The EU’s feeble attempt to promote itself as a global climate leader looks even more pathetic now in the context of over one million students across the globe coordinating a world-wide strike on 15 March 2019.

These young people are clearly not impressed with the self-congratulating Commissioner Arias Cañete’s level of ambition, nor of any state that claims it is doing enough. After all, the CV which qualified him for the portfolio he runs is based on his family ties to the oil industry itself. The next global strike scheduled for 24 May 2019 will set the tone for the European elections, demanding that radical climate action is on the agenda. 

As students gathered last month with their placards and chanted in more than 1,000 locations in over 100 countries worldwide, there wasn’t any rallying to congratulate the EU or the ‘High Ambition Coalition’ Ministers. Nor did young people chant “Carbon Tax Now” or “Secure the Rulebook!” They demanded climate justice.

The manifesto presented today by GUE/NGL is a response to this call and is commensurate to the demands of the striking youth.  A central demand to the global movement is a declaration of climate emergency – to effect an emergency response to an emergency situation. This manifesto is the Left’s way of hitting the panic button and declaring a climate emergency, as well as putting its climate commitments out there before the elections for all voters to see. 

Left approach rejects the market’s pseudo-solutions

The anti-capitalist Left has a nuanced approach to climate action – one that is clearly distinct from the Greens and Social Democrats, and of course, the Liberals and beyond who always appropriate the language of climate action to cover up their prioritisation of profits.

The Greens and Social Democrats prize the market and economic growth just as much as Conservatives, and consistently vote for the liberalisation of the EU energy market for instance, withdrawing the directional control of the energy sector away from elected governments.

Any real Leftist would reject this. We demand that governments are behind the wheel on the transition rather than watching markets fluctuate, and crucially, we are the only ones that reject the perpetual growth mode – the root cause of the climate crisis.

By removing the responsibility of climate action from governments and lawmakers and placing it in the invisible hands of the market, the Greens and Social Democrats have actively played an important role in this climate disaster.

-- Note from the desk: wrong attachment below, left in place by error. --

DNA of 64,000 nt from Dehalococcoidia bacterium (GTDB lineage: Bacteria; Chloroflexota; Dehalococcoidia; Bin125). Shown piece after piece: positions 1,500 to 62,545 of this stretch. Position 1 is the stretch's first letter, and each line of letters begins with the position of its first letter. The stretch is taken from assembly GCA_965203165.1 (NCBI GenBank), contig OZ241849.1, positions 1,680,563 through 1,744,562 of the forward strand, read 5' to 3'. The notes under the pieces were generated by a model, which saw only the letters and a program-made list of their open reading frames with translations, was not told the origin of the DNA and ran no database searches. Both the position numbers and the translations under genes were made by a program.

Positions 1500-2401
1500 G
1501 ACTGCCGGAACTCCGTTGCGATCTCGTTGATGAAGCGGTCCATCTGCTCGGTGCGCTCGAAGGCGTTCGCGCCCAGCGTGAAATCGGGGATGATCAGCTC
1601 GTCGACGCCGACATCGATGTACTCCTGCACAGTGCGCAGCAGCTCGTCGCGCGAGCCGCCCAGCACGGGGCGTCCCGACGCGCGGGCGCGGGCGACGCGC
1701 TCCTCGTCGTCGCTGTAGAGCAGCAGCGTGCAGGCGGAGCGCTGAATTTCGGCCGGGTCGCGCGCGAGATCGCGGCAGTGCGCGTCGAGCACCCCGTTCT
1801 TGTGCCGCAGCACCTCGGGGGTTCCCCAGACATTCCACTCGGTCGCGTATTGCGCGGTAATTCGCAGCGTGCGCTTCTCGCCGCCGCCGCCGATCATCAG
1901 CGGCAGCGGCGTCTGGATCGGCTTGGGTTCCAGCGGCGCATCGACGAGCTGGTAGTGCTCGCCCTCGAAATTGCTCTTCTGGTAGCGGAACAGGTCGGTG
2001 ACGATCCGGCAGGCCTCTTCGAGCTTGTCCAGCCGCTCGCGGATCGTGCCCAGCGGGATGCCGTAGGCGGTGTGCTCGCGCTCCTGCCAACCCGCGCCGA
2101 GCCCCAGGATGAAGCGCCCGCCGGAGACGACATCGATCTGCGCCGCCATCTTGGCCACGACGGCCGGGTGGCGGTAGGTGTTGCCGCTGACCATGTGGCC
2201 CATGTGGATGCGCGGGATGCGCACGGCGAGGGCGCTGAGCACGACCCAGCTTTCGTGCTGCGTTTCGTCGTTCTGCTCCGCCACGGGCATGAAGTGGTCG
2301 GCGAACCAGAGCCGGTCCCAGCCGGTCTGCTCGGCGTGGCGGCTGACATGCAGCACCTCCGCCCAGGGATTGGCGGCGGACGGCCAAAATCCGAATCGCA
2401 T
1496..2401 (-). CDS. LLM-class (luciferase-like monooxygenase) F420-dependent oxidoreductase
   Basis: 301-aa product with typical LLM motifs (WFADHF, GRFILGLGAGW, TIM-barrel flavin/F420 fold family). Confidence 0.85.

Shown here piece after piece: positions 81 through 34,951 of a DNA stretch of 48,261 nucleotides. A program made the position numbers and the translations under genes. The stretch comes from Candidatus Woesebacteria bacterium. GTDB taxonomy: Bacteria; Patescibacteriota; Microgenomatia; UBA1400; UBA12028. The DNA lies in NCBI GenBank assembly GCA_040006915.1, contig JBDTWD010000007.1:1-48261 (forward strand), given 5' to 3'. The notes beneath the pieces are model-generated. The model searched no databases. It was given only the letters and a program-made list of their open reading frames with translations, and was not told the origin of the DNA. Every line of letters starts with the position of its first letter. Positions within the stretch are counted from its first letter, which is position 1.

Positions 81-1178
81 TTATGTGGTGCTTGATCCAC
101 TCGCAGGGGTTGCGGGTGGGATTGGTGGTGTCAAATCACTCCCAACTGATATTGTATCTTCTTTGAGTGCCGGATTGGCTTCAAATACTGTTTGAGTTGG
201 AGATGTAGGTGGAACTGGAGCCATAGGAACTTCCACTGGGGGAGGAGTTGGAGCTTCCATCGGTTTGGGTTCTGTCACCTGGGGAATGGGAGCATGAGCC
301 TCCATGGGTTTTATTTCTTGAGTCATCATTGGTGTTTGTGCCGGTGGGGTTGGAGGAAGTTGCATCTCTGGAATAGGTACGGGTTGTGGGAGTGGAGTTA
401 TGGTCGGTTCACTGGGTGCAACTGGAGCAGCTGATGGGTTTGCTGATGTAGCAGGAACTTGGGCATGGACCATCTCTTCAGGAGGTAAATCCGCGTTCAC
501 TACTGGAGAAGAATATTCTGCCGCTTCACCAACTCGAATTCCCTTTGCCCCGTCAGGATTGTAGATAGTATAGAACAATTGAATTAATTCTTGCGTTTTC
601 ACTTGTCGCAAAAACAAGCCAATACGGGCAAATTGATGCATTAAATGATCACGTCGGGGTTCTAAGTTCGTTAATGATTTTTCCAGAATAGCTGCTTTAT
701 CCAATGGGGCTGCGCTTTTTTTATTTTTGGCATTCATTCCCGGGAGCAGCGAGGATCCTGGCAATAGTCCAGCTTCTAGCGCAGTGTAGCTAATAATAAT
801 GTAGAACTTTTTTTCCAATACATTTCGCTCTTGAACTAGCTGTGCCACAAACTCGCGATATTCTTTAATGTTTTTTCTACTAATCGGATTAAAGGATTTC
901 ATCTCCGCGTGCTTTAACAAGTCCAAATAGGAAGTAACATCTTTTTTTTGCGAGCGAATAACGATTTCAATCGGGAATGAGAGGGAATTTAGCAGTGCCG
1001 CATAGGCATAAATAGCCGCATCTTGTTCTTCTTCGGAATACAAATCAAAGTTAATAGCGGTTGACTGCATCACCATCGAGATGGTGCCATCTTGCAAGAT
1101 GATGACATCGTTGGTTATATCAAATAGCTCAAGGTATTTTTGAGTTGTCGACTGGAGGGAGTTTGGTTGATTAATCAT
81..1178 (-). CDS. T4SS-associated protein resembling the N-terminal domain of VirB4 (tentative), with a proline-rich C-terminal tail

While their intentions may well-motivated, the Greens have been the driving force in pushing climate responsibility off the desks of world leaders, by pushing for the EU emissions trading scheme (ETS) carbon market, commercialised energy markets, the monetisation of pollution and carbon pricing – all policy recommendations from the fossil fuel industry itself. 

Climate crisis requires anti-capitalist action

The conclusion here is clear – only by being anti-capitalist can one be a climate activist. Anything less than this is the preservation of the status quo. Greening capitalism is indeed the most sinister form of climate action delaying. 

The manifesto launched by the Left goes to the very heart of the economic model that has created climate change. Overturning global capitalism may not be realistic within the next 11 years, given how it morphs and self-replicates in the search of commodities, but the forces of capitalism can be resisted. It is precisely here – in counteracting capitalist forces – where an effective response to the climate crisis lies. 

Keep fossil fuels in the ground

The solutions to climate change must come from outside the capitalist framework, beyond the logic of a market transition.  This is why this manifesto is about directly regulating the fossil fuel industry – keeping fossil fuels in the ground and phasing out their use altogether with strict time-bound targets.

It is about massive public investment, matching the financial responses already seen at times of war, responding to terrorism, or saving the banks. It is about regulating sectors to ensure sustainable practices, stopping the wild flurry of extraction and environmental abuses produced by capitalism. The Left is the only group bringing forward this critique and this response.  

Core to this manifesto, and a prism used throughout it, is that of the principles of climate justice. For the Left, these are not just pretty words to speckle our manifesto – they are guiding tools and tests. We stand for climate policies that empower communities, not debilitate them. We stand for a rights-based approach to climate action, including a right to renewable energy. We want an integrated sustainable development approach to climate action – ensuring the fight against climate change interlinks with the struggles against poverty, gender inequity and socio-economic inequalities. 

Just and effective climate action is our number one priority, and anything less than this is a climate crime. 

A copy of the manifesto in English can be found here. Other language versions can be found on the GUE/NGL website

Damien Thomson is a contributing editor of Irish Broad Left and the climate campaign coordinator for the GUE/NGL group in the European Parliament. Follow him on Twitter @dmacthomais.